To be clear, are you recommending that the Raymarine converter will work properly if it is connected to the n2k backbone via the Raymarine ng-n2k adapter drop cable to one of the yellow connections? Then the blue connections would have what? Caps, terminations?
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Old 29-01-2018, 07:12   #28
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Re: Raymarine SeatalkNG cable question

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Originally Posted by kenbo View Post
To be clear, are you recommending that the Raymarine converter will work properly if it is connected to the n2k backbone via the Raymarine ng-n2k adapter drop cable to one of the yellow connections? Then the blue connections would have what? Caps, terminations?
Raymarine tech support specifically said to connect the SeatalkNG backbone (blue) to the NMEA2000 backbone, not to an NMEA2000 drop or from a Seatalk spur.

1. To the end of the backbone.
- Use a SeatalkNG backbone cable, plug one end into a blue connection on the converter
- Cut off the other end of the cable and install an NMEA2000 connector, M or F as needed by which end of the backbone you access.
- Remove a terminator from the NMEA2000 backbone and connect the cable
- Install a SeatalkNG terminator in the other blue connection on the converter.

2. To the middle of the NMEA backbone
- Use two SeatalkNG backbone cables, one to each blue plug on the converter.
- Cut other ends on both cables, install NMEA2000 Devicenet connectors on both ends, one M one F and connect the cables to the NMEA2000 backbone.

A couple of posters here have suggested that you can use a SeatalkNG spur (white plugs) to connect to a drop connection (T connector) on the NMEA2000 Devicenet. Raymarine did not suggest this as an option.
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Old 29-01-2018, 07:12   #29
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Raymarine SeatalkNG cable question

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Originally Posted by kenbo View Post
To be clear, are you recommending that the Raymarine converter will work properly if it is connected to the n2k backbone via the Raymarine ng-n2k adapter drop cable to one of the yellow connections? Then the blue connections would have what? Caps, terminations?

After taking a look at the Seatalk converter manual I’ll have to revise what you specifically can do with the converter, all the other options above are good for any other Raymarine-2000 connections.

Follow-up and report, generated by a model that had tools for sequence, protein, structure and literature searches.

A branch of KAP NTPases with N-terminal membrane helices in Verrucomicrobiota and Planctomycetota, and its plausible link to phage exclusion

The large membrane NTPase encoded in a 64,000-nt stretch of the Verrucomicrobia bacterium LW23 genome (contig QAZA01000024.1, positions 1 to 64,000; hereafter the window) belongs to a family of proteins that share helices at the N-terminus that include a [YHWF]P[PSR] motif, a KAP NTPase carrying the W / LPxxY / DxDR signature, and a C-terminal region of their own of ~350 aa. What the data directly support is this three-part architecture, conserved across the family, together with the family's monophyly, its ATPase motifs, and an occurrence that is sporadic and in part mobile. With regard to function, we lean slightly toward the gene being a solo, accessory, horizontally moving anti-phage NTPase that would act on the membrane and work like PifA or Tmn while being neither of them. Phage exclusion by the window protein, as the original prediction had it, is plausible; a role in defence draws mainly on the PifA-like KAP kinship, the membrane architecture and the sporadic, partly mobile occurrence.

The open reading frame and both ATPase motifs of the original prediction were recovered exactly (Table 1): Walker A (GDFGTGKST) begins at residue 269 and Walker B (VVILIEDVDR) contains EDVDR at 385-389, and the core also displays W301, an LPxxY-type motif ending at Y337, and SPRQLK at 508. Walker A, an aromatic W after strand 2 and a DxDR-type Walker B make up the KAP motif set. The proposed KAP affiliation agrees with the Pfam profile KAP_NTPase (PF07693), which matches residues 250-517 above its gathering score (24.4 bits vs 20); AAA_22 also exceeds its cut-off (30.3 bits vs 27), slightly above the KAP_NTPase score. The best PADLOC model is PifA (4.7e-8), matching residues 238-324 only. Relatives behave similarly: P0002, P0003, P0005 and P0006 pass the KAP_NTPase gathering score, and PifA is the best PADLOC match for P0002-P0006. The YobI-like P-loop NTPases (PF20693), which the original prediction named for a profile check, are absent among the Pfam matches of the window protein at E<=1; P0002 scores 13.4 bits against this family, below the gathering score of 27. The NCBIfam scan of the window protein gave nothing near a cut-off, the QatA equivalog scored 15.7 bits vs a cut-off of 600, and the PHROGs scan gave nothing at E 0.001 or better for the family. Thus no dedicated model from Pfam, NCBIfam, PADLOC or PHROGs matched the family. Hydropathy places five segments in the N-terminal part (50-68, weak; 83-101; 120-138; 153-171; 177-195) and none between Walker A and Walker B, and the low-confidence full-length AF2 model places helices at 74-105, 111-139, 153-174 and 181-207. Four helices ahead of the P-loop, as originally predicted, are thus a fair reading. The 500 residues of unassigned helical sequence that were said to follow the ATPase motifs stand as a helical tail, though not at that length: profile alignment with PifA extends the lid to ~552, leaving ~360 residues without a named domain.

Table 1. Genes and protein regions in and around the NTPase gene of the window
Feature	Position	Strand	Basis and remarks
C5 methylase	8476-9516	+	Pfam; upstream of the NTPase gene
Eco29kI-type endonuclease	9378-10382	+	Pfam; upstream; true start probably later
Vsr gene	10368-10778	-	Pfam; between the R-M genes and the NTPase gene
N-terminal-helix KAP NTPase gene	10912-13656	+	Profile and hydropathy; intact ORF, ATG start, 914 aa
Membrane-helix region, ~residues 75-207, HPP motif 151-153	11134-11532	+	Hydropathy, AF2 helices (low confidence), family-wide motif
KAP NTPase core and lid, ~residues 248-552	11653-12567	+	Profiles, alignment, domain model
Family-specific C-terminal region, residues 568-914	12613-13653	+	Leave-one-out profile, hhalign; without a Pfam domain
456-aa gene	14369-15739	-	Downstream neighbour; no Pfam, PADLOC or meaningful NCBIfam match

You can only hook it to the backbone. The best way is at the end of your current 2000 backbone.

Remove the resistor from the end of the NMEA 2000 backbone. Then make a 2000 to Ng converter out of a blue Ng backbone cable and a field replaceable 2000 connector.

Then connect the 2000 backbone to the Blue port on one end of the Seatalk 1 to Ng converter. On the other end of the seatalk converter install one of the resistors supplies in your kit.

Now you have two Seatalk Ng ports (white) and one Seatalk 1 to Ng port (yellow) and your NMEA 2000 backbone is complete with one 2000 terminator and one Ng terminator.
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Old 29-01-2018, 07:20   #30
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Re: Raymarine SeatalkNG cable question

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After taking a look at the Seatalk converter manual I’ll have to revise what you specifically can do with the converter, all the other options above are good for any other Raymarine-2000 connections.

You can only hook it to the backbone. The best way is at the end of your current 2000 backbone.

Remove the resistor from the end of the NMEA 2000 backbone. Then make a 2000 to Ng converter out of a blue Ng backbone cable and a field replaceable 2000 connector.

Then connect the 2000 backbone to the Blue port on one end of the Seatalk 1 to Ng converter. On the other end of the seatalk converter install one of the resistors supplies in your kit.

Now you have two Seatalk Ng ports (white) and one Seatalk 1 to Ng port (yellow) and your NMEA 2000 backbone is complete with one 2000 terminator and one Ng terminator.
Thanks for clarifying, that was my interpretation of RM's instructions as well.